Published June 2001
by Uppsala Universitet .
Written in English
|Series||Comprehensive Summaries of Uppsala Dissertations from the Faculty of Medicine, 1029|
|The Physical Object|
|Number of Pages||46|
Louis F. Martin, M.D. Professor of Surgery Department of Surgery Louisiana State University Health Sciences Center New Orleans, LA Dr. Martin is also at the forefront of this subspecialty, and serves as one of the chairpersons on an American College of Surgeon’s sub-committee for the surgical treatment of morbid : $ The Surgical Treatment of Morbid Obesity: Economic, Psychosocial, Ethical, Preventive, Medical Aspects of Health Care Article (PDF Available) in The Yale journal of biology and medicine 56(3) Thus, the treatment of obesity and its co-morbidities requires a multidisciplinary approach, taking into account epidemiological, clinical, nutritional and genetic aspects of morbid obesity in the pediatric age group. This volume discusses both conventional therapy and surgical options for morbid obesity in the pediatric age : Springer-Verlag Wien. Obesity is a complex, multifactorial disease that develops from the interaction of genetic, metabolic, social, behavioral, and cultural factors. 1 This disease has a significant impact on the health, psychosocial well-being, longevity, and quality of life of those affected. 2 Despite the possible occurrence of perioperative and, more frequently, later complications, bariatric surgery can.
Download Citation | On , Dong Kim and others published Surgical Treatment of Obesity | Find, read and cite all the research you need on ResearchGate. Surgical treatment of morbid, familial, juvenile-onset obesity in a year-old, pound, mother of three children by jejunoileal bypass was subsequently converted to gastric bypass. The resulting weight loss of pounds resulted in personality changes and . Surgical treatment of obesity: a review of our experience and an analysis of published reports. Int J Obes. ; 1 (4)– Coughlin K, Bell RM, Bivins BA, Wrobel S, Griffen WO., Jr Preoperative and postoperative assessment of nutrient intakes in patients who have undergone gastric bypass surgery. Arch Surg. Jul; (7)– Morbid obesity, which is an indication for surgical treatment, is considered to be the state when (1) the BMI on its own exceeds 40 kg/m 2 or (2) the BMI is over 35 kg/m 2 and is accompanied by comorbidities. Among them most often observed are: type 2 diabetes, hypertension, dyslipidaemia, osteoarthritis, sleep apnoea and others.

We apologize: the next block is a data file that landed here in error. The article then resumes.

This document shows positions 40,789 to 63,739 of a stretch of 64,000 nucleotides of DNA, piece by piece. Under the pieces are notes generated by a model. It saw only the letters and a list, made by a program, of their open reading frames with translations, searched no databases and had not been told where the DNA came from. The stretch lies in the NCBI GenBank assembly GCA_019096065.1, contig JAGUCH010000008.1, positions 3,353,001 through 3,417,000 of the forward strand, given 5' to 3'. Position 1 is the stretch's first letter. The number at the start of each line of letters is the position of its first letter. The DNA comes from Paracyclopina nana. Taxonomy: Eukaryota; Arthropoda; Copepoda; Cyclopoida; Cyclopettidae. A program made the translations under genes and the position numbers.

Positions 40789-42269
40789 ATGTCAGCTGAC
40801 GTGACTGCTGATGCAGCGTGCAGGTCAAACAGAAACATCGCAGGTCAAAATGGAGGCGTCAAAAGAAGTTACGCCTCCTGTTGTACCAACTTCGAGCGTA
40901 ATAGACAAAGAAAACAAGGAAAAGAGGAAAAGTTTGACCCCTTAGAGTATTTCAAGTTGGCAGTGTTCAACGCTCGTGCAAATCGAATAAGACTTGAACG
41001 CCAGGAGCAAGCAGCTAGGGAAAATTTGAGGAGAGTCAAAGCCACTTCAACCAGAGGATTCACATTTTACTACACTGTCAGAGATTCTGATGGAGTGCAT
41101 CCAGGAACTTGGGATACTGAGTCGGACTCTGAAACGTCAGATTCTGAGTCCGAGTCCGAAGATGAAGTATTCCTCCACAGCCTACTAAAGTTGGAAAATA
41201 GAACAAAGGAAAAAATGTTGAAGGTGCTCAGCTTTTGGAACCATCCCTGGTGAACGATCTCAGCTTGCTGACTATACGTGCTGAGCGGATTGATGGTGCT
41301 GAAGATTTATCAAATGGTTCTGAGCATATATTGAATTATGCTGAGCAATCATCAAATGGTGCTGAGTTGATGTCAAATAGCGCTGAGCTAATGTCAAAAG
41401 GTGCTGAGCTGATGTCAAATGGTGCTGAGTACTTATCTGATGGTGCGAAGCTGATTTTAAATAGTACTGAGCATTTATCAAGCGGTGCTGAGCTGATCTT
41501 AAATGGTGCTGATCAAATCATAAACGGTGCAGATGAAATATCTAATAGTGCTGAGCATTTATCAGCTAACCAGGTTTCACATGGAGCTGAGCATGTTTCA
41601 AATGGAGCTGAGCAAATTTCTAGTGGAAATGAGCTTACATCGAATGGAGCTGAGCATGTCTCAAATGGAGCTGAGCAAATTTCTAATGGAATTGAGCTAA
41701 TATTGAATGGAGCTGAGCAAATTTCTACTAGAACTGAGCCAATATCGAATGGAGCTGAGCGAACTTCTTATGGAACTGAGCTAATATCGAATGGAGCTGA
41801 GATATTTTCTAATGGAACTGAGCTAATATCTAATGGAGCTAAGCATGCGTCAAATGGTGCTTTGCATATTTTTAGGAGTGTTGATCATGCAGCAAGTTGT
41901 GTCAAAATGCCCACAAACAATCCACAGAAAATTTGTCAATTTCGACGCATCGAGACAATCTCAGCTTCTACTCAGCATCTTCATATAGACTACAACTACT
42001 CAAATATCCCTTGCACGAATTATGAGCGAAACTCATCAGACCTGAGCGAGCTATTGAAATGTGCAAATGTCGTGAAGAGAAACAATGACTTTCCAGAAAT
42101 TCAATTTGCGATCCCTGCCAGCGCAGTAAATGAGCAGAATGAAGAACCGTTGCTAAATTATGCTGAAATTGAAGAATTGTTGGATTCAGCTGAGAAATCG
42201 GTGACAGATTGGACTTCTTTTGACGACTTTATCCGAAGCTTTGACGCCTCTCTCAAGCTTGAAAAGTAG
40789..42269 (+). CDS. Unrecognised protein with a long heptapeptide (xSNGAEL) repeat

Morbid obesity significantly reduces life span and is associated with much co‐morbid pathology. Diet, behavioural therapy and drug therapy are largely unsuccessful. Surgical treatment offers the best hope. This review summarizes the rationale for treatment and the available surgical options. The exhaustion of conservative treatment is defined as follows, for the purpose of determining the indication for obesity surgery: if the patient has been unable to achieve a loss of >15% of the initial weight (BMI – kg/m²), or >20% of the initial weight (BMI ≥ 40 kg/m²), despite having undergone a comprehensive lifestyle. An important aspect of the decision faced by a patient seeking surgical treatment for obesity is the risk inherent to each surgical procedure. VSG requires fewer suture lines than RYGB and no anastomoses, suggesting that postoperative complications may be reduced following VSG as compared with RYGB. 3rd Avenue South Birmingham, AL () Surgical Treatment of Morbid Obesity. BARIATRIC (WEIGHT LOSS) SURGERY PROGRAM. PROSPECTIVE AND NEW PATIENT INFORMATION. Richard Stahl, MD Jayleen Grams, MD, PhD.